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    Thanks Michael. To clarify, those are ARW files I uploaded to Drive. Google isn't converting them at all, you can download them using the "down arrow" button in the upper right. Google is rendering an on-screen preview (which could admittedly be thought of as a temporary conversion), which I think is the source of your confusion (and I agree, we have no idea how they're processing the file to do this). Download those files and you'll see EXIF and other data. Sorry for the confusion. I almost zipped them before upload, but decided against it, thinking that might make more work for you. – The111 May 31 at 22:11
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    If I make both WBs the same (e.g. ACR's "daylight" 5500K and +10 tint), the warmth is still evident in the with-filter version. As a sidenote I've found many other people saying the same thing about B+W filters, that they are known to leave warm result. I actually ordered a Breakthrough filter, a new brand I'd not heard much about, but they seem to have taken dozens of reviewers by storm over the past few years with the most color neutral results ever. If I confirm this, I'll probably just return my B+W and forget about all of this. One example review. – The111 May 31 at 22:17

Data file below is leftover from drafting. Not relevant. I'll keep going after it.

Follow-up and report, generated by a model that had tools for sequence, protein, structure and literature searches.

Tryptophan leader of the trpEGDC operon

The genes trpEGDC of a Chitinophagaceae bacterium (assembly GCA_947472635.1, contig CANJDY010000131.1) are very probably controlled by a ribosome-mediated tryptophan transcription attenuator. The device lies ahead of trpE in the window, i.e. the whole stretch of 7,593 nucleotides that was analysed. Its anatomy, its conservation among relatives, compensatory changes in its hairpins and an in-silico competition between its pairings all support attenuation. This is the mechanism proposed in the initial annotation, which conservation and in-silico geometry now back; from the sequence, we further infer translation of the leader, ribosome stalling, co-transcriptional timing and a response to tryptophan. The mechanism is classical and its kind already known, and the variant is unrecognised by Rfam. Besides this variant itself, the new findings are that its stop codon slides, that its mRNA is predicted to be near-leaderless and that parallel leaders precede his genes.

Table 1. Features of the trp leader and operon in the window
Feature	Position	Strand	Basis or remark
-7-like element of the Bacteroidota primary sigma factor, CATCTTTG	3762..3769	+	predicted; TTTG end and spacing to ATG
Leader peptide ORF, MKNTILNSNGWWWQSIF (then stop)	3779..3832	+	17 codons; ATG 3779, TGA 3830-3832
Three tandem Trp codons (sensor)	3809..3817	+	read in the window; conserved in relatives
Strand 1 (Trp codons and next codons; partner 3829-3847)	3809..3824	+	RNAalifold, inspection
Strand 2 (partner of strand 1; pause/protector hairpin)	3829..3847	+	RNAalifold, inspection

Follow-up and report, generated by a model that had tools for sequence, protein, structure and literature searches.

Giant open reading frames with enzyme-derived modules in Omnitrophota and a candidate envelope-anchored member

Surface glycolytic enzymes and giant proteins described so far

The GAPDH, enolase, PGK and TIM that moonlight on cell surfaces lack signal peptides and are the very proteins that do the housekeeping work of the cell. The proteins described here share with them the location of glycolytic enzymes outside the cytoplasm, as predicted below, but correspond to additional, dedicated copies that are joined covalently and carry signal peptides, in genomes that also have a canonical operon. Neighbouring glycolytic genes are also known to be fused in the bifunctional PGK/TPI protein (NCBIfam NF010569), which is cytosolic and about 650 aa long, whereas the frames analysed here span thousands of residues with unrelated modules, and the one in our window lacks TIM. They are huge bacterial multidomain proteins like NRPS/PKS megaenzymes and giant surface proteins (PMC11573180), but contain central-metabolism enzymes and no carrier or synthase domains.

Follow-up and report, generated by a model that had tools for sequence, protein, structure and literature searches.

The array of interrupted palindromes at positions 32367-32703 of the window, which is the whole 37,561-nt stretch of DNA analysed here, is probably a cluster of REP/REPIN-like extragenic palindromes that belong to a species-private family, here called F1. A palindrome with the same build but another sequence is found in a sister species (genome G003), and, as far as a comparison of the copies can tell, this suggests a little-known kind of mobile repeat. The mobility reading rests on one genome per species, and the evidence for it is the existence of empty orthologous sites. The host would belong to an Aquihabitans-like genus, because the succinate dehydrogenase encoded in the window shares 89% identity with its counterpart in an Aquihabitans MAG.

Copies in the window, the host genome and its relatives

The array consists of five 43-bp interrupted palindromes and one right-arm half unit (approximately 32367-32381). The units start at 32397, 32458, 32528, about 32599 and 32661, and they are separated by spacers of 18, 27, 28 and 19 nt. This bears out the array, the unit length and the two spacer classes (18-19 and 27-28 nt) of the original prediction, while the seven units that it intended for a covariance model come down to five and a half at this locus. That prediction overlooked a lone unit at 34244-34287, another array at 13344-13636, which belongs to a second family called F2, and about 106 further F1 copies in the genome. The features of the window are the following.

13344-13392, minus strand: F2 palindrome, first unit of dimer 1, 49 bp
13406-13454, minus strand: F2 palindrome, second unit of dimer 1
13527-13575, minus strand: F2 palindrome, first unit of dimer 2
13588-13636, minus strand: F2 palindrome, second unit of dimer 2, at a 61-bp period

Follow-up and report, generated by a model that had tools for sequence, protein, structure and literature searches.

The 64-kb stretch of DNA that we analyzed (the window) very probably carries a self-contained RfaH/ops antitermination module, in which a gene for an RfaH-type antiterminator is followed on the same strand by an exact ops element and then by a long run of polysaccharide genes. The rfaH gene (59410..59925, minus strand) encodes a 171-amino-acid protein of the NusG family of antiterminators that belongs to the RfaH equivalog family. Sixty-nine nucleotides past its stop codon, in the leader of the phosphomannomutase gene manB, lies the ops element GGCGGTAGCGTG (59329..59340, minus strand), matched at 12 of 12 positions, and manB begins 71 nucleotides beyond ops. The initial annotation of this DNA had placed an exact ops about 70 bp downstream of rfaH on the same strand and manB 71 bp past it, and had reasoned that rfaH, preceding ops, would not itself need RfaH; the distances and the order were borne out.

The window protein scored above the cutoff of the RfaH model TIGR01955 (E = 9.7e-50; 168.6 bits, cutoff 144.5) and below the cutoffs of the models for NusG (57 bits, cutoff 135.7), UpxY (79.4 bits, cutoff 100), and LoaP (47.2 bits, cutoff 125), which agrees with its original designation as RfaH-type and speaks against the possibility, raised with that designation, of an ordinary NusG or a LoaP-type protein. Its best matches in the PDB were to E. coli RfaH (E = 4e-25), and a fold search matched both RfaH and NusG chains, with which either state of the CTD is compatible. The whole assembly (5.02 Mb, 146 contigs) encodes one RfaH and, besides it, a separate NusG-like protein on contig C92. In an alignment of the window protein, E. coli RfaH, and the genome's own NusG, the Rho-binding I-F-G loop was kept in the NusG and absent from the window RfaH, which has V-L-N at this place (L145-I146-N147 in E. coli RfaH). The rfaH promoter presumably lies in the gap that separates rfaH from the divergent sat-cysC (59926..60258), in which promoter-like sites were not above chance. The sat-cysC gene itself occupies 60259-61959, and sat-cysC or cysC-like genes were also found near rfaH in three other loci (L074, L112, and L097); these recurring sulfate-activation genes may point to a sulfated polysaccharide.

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    I've not personally used any Breakthrough filters. I have noticed they get great reviews from sources that are known to give good reviews to just about anyone who will send them free stuff to review. I've also noticed that Breakthrough filters get much more "Meh" reviews from those who are known to not accept freebies in exchange for gushing reviews. I must admit most of my research into Breakthrough filters has been with regards to their polarizers, though. Their X2 was supposed to be the cat's meow according to all the "freebie" reviews... – Michael C Jun 1 at 1:19
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    ... Then the X4 came out and those same shils were talking about how it corrected the failings of the X2! WTF?!?!?! – Michael C Jun 1 at 1:19
  • yeah my guard is definitely up. But I ordered with free returns, so it's worth my own testing. Also got a ColorChecker to make my tests even better. – The111 Jun 1 at 2:59
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The filters should be replaced. I bought some B+W ones too at some point and found them unusable due to their horrible color-cast. Got rid of them and bought many Hoya filters that are perfectly neutral. I recommend you safe yourself the headache and do the same or anything good brand like IRIX, Zeiss or Lee (Although I did not try them myself but they are highly regarded, so are the B+W but I have no idea why!).